Literary agents are the gatekeepers of the publishing world. Their verdict on a five-page submission can make or break an author’s dreams. It’s critical to ensure your submission catches an agent’s eye and doesn’t immediately get passed upon.
This two-part series covers advice I received from a local literary agent. These editing guidelines ensure a submission is agent ready. Part 1 looked at developmental editing and Part 2 is all about line and copy editing.
What Are Line-Editing and Copy-Editing?
Line-editing refers to the clarity and flow of a piece. Some flow issues are addressed in developmental editing, but line-editing takes a deeper look. Copy-editing is another word for proofreading—ensuring grammar and spelling are correct. These editing techniques are crucial before turning your draft into an agent.
Avoid a Play-By-Play
One of the biggest red flags in a five-page submission is a play-by-play of what’s going on. You know the style. It’s something similar to this:
Jane walked to the park. She sat on the bench. She opened her book. Jane read her book until dark.
Here, the author (please don’t judge my flash fiction!) leaves nothing to the reader's imagination. We’re told exactly what is happening and what emotions are being felt. There’s no room for interpretation.
Not only is this style of writing boring, it will cause agents to place your submission in the rejection pile.
Cut Repetitive Sentences
Readers get bored when sentences are repetitive. It’s important to break things up, use different structures, and vary the sentence types.
Again, look at the example above (I know, it’s terrible!): not only is it a play-by-play, but there is no variation in sentence structure. If you’re bored reading the passage, you know an agent will be too.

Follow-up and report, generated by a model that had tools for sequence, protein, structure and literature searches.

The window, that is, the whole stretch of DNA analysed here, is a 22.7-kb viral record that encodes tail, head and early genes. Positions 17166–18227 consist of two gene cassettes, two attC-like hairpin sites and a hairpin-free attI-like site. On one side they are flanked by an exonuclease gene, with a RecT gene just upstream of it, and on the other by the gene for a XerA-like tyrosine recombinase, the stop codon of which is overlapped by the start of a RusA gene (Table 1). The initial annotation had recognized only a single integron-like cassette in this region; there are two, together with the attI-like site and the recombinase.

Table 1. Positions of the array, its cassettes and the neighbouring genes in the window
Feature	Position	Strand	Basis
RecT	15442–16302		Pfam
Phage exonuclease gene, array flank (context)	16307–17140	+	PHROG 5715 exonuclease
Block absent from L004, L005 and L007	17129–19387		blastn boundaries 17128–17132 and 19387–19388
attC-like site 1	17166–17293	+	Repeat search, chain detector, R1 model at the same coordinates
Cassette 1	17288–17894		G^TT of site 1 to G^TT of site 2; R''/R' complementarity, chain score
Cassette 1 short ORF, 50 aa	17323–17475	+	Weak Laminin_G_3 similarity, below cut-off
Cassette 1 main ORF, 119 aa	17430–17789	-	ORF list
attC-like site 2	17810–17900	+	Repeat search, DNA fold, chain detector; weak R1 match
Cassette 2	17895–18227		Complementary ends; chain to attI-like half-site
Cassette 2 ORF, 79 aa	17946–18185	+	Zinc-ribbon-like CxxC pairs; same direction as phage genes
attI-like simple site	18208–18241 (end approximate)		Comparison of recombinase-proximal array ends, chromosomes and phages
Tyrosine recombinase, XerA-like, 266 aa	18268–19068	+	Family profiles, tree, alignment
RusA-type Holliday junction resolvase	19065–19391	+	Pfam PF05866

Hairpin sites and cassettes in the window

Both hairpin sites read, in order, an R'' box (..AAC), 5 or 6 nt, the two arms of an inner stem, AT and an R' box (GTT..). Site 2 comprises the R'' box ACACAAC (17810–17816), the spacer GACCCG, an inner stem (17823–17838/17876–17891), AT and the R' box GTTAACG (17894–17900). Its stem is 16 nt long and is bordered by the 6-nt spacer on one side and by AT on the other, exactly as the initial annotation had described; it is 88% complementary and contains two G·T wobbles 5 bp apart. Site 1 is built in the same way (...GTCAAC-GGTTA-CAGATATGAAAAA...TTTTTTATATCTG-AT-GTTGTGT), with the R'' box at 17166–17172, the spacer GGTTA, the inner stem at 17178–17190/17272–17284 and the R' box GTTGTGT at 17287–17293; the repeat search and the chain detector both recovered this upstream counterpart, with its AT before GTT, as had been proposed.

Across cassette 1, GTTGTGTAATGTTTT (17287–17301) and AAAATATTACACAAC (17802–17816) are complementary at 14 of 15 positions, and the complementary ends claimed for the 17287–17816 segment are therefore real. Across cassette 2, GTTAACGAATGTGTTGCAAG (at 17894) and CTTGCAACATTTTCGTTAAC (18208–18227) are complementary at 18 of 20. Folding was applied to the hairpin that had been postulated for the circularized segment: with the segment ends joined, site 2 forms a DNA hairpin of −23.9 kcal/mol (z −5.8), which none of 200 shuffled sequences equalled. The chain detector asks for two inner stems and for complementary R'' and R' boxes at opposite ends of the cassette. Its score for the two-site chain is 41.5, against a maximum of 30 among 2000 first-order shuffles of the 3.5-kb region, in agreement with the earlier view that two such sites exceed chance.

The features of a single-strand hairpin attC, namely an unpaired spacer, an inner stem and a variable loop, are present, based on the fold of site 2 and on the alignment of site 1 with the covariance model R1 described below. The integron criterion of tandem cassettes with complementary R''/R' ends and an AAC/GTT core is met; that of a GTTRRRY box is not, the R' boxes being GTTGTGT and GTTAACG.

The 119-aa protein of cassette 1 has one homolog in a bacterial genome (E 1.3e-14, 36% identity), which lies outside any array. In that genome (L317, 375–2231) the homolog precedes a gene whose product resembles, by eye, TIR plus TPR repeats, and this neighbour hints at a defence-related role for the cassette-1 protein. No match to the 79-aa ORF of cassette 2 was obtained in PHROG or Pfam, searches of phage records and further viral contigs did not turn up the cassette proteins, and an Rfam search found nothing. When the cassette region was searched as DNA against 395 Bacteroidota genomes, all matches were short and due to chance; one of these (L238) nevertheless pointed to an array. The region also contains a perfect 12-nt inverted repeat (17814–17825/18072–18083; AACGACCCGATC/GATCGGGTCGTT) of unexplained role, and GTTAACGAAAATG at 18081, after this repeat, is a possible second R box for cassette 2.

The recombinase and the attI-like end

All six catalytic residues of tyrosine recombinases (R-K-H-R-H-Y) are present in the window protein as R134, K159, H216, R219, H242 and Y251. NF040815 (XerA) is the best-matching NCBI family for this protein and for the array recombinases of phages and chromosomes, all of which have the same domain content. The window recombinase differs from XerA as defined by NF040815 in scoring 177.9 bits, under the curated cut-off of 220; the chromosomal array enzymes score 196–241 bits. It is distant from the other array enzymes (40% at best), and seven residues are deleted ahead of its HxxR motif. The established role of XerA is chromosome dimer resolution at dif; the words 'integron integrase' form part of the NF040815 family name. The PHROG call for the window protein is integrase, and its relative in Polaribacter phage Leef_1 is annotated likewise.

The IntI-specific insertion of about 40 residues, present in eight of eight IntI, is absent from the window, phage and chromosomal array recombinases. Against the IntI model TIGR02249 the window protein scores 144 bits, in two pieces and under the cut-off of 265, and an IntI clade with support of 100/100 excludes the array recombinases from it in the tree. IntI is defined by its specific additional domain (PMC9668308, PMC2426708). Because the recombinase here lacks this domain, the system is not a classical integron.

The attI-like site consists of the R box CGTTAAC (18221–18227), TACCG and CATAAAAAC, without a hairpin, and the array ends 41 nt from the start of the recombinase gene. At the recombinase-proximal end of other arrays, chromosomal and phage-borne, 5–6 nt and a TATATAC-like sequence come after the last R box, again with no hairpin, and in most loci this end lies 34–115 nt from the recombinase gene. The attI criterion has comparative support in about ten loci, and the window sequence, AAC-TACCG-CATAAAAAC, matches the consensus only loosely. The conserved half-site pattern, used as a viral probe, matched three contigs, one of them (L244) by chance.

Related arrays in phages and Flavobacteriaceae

It’s important to break repetition using varying sentence structures. Mix short sentences with complex ones.
Use Descriptive Verbs
Verbs are the action of every sentence. Using natural and descriptive verbs is extremely important.
Suzie walked through the puddle conveys action and is clear—the character moved through a puddle—but is not not very descriptive.
Suzie stomped through the puddle conveys the same action but is much more descriptive. One different word portrays a very different image in the readers mind.
Clean Up Dialogue
All dialogue should have a purpose in the overall story. The conversation should ultimately lead the character somewhere—be it the next portion of the story or to some internal insight.
Similar to verb choice, dialogue tags are equally important. Said is a common dialogue tag that works in many situations, but not all because it’s not descriptive. Using more descriptive tags (whispered, shouted, mumbled, etc.) paints a clearer picture for the reader.
Make Passive Voice Active
Okay, I’m sure you’ve heard this one a million times, but it’s important. Passive voice has less impact than active voice. It removes agency from characters and acts as narration.
For example, Jane was walking is passive and feels lackluster. Instead, write Jane walked and keep the drive of the sentence.
Was and were can be key indicators of passive voice. Before submitting to an agent, do a word search in your manuscript for them and see if the sentence can be restructured. Alternatively, ProWritingAid will identify each instance of passive voice with suggestions on how to make them active.
Look Out for Adverbs
Similar to passive voice, removing adverbs is also important. Adverbs are modifiers that add color to writing. For example, Jane walked quickly modifies the verb and provides the reader a little more description.
Some adverbs provide value to writing, but it’s important to remove most of them. While the sentence above works with an adverb, it could be rewritten. Jane jogged or Jane power-walked provides the reader with more precise detail.
Cut All Whimper Words
Whimper words are filler words: that, really, so, like, kind of, just, and apparently.
Whimper words put agents on high alert for lazy or amateur writing. They are unnecessary and only beef up word counts.
Thankfully avoiding whimper words is pretty simple. Search for every instance in your manuscript and remove them. Doing so will often not even require the sentence be rewritten. Take the following sentence filled with whimper words:
- Apparently, Jane drove really fast just to escape the storm.
Removing the whimper words provides a more direct sentence without rewriting anything:
- Jane drove fast to escape the storm.
Before submitting a five-page manuscript to any agent, take the time necessary for developmental, line and copy editing. Not only will your submission be polished, it will show an agent you are ready to move toward publishing.